Farewell to an ‘immensely nice, wise and influential’ gentleman

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Sir Nigel Broomfield passed away on 29 October. He had been receiving treatment for an aggressive form of cancer.

Sir Nigel continued to play an active part in public life in Jersey until days before his death, writing to this newspaper in late October to express his deep-seated concerns about the location of a new general hospital – a subject which he wrote about on several occasions.

Sir Nigel offered his thoughts for publication in the JEP on a diverse range of subjects over many years, from the need for greater environmental awareness and action on sustainable energy generation to electoral reform and education.

A graduate of Trinity College, Cambridge, Sir Nigel spent a decade in the armed forces before entering the diplomatic service for the Foreign and Commonwealth Office. Between 1988 and 1990, he was Ambassador to East Germany and was in post to witness the immediate aftermath of the Berlin Wall coming down. He went on to become the Ambassador to Germany between 1993 and 1997. Sir Nigel was also an accomplished sportsman and was crowned British amateur squash champion in 1958/59. He represented England at the sport between 1957 and 1960.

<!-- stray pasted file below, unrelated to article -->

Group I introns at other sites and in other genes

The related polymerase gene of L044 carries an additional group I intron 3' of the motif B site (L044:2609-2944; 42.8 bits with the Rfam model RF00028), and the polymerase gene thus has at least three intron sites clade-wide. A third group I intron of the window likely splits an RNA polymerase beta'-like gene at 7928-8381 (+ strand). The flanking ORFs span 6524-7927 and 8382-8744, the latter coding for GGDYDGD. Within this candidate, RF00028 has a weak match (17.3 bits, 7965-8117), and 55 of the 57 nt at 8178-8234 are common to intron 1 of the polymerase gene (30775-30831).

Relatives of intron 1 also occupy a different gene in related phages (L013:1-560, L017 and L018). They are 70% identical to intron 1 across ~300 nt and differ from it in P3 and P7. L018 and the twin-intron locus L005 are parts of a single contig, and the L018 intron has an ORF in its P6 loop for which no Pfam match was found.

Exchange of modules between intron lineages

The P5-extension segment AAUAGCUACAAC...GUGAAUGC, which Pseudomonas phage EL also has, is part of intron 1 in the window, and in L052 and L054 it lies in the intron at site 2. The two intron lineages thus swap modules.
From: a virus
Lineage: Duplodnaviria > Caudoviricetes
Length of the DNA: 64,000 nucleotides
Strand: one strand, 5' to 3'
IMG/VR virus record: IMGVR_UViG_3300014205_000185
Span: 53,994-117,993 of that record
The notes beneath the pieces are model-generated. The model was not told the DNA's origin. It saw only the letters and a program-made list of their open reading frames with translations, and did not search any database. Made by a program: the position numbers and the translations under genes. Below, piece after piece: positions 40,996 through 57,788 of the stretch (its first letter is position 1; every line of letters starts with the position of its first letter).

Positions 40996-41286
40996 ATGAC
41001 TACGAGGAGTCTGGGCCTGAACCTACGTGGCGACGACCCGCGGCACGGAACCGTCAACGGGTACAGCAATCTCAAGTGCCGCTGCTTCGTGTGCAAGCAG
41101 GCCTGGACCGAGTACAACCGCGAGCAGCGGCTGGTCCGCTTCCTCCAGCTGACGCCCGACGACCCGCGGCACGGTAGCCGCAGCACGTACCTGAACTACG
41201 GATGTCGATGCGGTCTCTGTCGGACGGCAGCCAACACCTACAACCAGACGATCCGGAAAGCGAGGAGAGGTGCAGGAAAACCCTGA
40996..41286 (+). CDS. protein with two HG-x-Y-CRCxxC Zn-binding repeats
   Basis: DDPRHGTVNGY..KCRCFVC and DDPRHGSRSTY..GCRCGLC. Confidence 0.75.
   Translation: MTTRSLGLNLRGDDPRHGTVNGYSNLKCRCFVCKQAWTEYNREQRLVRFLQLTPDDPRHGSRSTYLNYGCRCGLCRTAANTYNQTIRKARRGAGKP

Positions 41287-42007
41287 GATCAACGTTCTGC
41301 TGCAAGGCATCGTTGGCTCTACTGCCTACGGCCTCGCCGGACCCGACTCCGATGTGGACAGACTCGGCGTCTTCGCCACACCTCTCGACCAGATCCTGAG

Friend and fellow hospital campaigner Bruce Willing paid tribute to a remarkable man.

He said: ‘I first met Sir Nigel when we joined Freddie Cohen’s development group discussing an Environment strategy for Jersey.

‘I was immediately impressed by Sir Nigel’s courtesy, sagacity and presence. Everything he said and did was measured and made absolute sense.

‘During that time it became clear that his background was in international diplomacy, which added so much to our deliberations.’

He added: ‘Earlier this year he asked me to join a group of people discussing what could be done to put right the ongoing discussions on the location of Jersey’s new hospital, and later he asked me to take over the chairmanship of the group due to his illness.

‘At no stage, until four weeks ago, did he mention that his illness was terminal. Jersey has lost an immensely nice, wise and influential person. I give thanks for Sir Nigel’s life, for his kindness and his huge contribution to Jersey through his advice given freely over many years.’

Former Bailiff Sir Philip Bailhache said: ‘After his retirement from a very distinguished career in the diplomatic service, Sir Nigel brought to his adopted home a passionate interest in Jersey and her affairs.

‘He gave invaluable advice in relation to Brexit but also used his expertise to counsel those deeply concerned about the hospital project. Only days before his death he was planning further interventions. He will be greatly missed.’

The JEP offers its condolences to Lady Broomfield and her family.

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